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CSOs wary of shrinking democratic space

Local News
Transform Zimbabwe party leader Jacob Ngarivhume

THE Crisis in Zimbabwe Coalition (CiZC) has condemned the continued closure of the democratic space, arbitrary arrests and persecution of pro-democracy activists ahead of this year’s polls.

The coalition said the jailing of Transform Zimbabwe party leader Jacob Ngarivhume for urging Zimbabweans to utilise their constitutional right to protest indicated that President Emmerson Mnangagwa’s administration was hell bent on stifling democracy in the country.

This comes as government has been pushing  for the enactment of the Private Voluntary Organisations (PVOs) Amendment Bill that has been described by civil society organisations (CSOs) as an instrument to stifle their activities.

The Bill sailed through Parliament and is currently undergoing proofreading at the Attorney General’s Office.

Mnangagwa is expected to ascent to the Bill.

The crackdown has led to the arrest of such prominent opposition leaders as Job Sikhala, Fadzai Mahere and Ngarivhume, among others.

“The State has made clear its intention to use law fare against dissenting voices as evidenced by the continued incarceration of CCC top official and legislator Job Sikhala, who has been languishing in remand prison since his arrest last year,” CiZC spokesperson Obert Masaraure said yesterday.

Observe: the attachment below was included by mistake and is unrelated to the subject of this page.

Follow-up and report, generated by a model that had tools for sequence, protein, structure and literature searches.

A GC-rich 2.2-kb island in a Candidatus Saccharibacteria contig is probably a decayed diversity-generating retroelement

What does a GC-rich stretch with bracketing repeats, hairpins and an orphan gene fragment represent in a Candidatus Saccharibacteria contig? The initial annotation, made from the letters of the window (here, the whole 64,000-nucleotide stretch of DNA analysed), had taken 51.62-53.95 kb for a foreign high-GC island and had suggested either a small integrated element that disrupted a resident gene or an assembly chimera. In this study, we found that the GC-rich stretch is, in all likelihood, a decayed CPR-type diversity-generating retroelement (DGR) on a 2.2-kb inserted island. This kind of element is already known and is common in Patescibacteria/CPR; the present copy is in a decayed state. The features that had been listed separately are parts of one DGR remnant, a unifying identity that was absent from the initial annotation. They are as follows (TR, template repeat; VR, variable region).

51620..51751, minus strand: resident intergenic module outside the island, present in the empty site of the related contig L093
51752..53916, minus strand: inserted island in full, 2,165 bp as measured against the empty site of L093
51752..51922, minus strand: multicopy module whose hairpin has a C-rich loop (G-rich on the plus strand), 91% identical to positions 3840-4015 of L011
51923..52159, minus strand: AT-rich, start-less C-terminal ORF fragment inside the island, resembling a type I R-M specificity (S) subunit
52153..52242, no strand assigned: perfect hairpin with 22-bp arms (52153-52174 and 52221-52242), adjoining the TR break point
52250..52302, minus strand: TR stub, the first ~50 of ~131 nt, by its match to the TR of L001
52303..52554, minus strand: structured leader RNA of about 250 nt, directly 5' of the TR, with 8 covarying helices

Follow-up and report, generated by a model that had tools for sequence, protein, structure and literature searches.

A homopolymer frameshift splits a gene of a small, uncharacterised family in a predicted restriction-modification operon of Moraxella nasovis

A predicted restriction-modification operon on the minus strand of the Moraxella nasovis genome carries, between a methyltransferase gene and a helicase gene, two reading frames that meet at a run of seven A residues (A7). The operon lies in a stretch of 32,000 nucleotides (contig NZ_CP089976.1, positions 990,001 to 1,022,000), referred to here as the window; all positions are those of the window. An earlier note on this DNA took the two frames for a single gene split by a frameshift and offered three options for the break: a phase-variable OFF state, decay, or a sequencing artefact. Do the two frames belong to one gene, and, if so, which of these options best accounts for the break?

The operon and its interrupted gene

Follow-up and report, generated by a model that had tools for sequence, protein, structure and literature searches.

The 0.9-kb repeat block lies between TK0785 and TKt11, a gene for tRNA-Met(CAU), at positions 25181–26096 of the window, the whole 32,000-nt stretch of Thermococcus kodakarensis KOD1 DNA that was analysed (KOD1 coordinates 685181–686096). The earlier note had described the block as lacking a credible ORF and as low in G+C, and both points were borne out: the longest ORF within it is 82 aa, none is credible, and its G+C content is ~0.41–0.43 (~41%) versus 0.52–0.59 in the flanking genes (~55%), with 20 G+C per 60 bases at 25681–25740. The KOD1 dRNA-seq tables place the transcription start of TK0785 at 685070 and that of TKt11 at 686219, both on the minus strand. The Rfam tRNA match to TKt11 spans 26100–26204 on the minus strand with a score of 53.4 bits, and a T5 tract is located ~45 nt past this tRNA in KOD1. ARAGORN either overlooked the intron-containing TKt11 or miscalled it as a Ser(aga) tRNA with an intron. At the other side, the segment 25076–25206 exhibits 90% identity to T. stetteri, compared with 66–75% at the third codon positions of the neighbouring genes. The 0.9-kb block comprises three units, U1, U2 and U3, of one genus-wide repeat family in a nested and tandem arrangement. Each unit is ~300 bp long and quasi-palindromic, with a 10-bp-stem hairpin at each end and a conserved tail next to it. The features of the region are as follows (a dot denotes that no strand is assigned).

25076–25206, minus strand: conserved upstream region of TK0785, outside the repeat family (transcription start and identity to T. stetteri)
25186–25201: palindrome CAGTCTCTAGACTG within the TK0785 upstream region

“The Judiciary and court systems in Zimbabwe continue to be used to suppress dissenting voices. The authoritarian nature of the Zimbabwean government is a betrayal of the founding values of the nation which guaranteed the right of every Zimbabwean to participate in the civil political and social affairs of the country,” Masaraure said.

He expressed disappointment that people were being punished for simply expressing themselves.

“Government, through its State security agents, has continued to perpetuate a culture of intolerance, which goes against the principles of freedom of expression, assembly, and affiliation.

“Any dissent has been met with arrests, abductions, detention and many other autocratic methods that go against the spirit of democracy and openness. The current efforts to take away the voices of citizens through the enactment of repressive laws, the use of State security agents and other rogue methods are detrimental to Zimbabwe’s political, social and economic development,” Masaraure said.

He accused government of pushing through the PVOs Amendment Bill to give it more power to control and shut down CSOs, which, in a democracy, play a critical role of providing checks and balances on policy implementation.

“Suppression of the work of civil society as has been seen lately, can only point to the shutting down of democratic space, which does not put Zimbabwe in good light,” he said.

Masaraure added: “Protesters are violently dispersed by the police and pluralistic dialogue is not encouraged and it is an indictment on government that Zimbabwe only has one operational television station and the issuing of broadcast licences is strictly controlled.”

He reminded the government that its role is not to assault the very principles that hold the country together including constitutionalism, openness, fairness, transparency and respect for the will of the people.

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